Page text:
'Smart growth' is not a universal term

Patchogue Main Street business district in 2008.

Patchogue Main Street business district in 2008. (Credit: Ken Spencer)

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Regarding "Long Island puts business on high wire" [Opinion, Feb. 14], this piece on the current state of Nassau County's competitiveness makes some valid points about tax rates keeping businesses out of the region. However, in his discussion of planning issues on Long Island, I feel that David Pennetta has missed the mark.

Mr. Pennetta wrote that Long Island needs to embrace a more sustainable model for development, which he defines as smart-growth planning. It's easy enough to advocate "smart growth," but first the planning community must arrive at a consensus on what exactly that is. The urban planning journal Foresight says that the term "smart growth" is being adopted by groups trying to change what they regard as the undesirable impacts of suburban sprawl. In reality, there is no consensus, and as a result, Long Islanders are being presented unfeasible plans.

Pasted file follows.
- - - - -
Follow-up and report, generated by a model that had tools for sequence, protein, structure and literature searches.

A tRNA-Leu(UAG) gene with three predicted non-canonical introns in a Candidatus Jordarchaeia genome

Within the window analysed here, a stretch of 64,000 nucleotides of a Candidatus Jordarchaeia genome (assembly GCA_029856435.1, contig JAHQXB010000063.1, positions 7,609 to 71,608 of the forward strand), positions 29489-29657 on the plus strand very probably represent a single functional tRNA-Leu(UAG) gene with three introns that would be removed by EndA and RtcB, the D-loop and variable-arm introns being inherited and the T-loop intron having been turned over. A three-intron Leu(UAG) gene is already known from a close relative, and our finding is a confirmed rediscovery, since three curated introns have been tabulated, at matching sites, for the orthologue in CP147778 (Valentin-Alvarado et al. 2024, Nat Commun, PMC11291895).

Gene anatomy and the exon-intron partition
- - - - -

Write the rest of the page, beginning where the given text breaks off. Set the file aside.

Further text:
Mr. Pennetta encourages "mixed-use, higher-density housing." Currently, without proper infrastructure in place, high-density residential development is not right for most areas. Density should be determined after strict environmental studies by planners and scientists. If a municipality increases density in one area, but fails to preserve open space in another, the result is just higher density sprawl, and nobody on Long Island wants that.

We Long Islanders have to remember that our aquifer can only sustain certain amounts of growth, and Nassau County is already at near-maximum capacity. Most of Suffolk's downtowns are limited by their reliance on septic systems.

Last, Mr. Pennetta wrote that the end result of this smart growth planning is "revived downtowns." The truth is, redeveloping Long Island's downtowns isn't as simple as many are lead to believe.

Recently, the Long Island Index identified 8,300 acres with development potential in 150 Long Island downtowns. This is misleading, particularly because just over half of that land is set aside for parking, which in many downtowns is an irreplaceable asset.

It is one thing to promote both economic development and housing for all age groups regardless of income. But trendy buzzwords and ideological planning exercises are not solutions to Nassau's woes.

Richard Murdocco

Setauket

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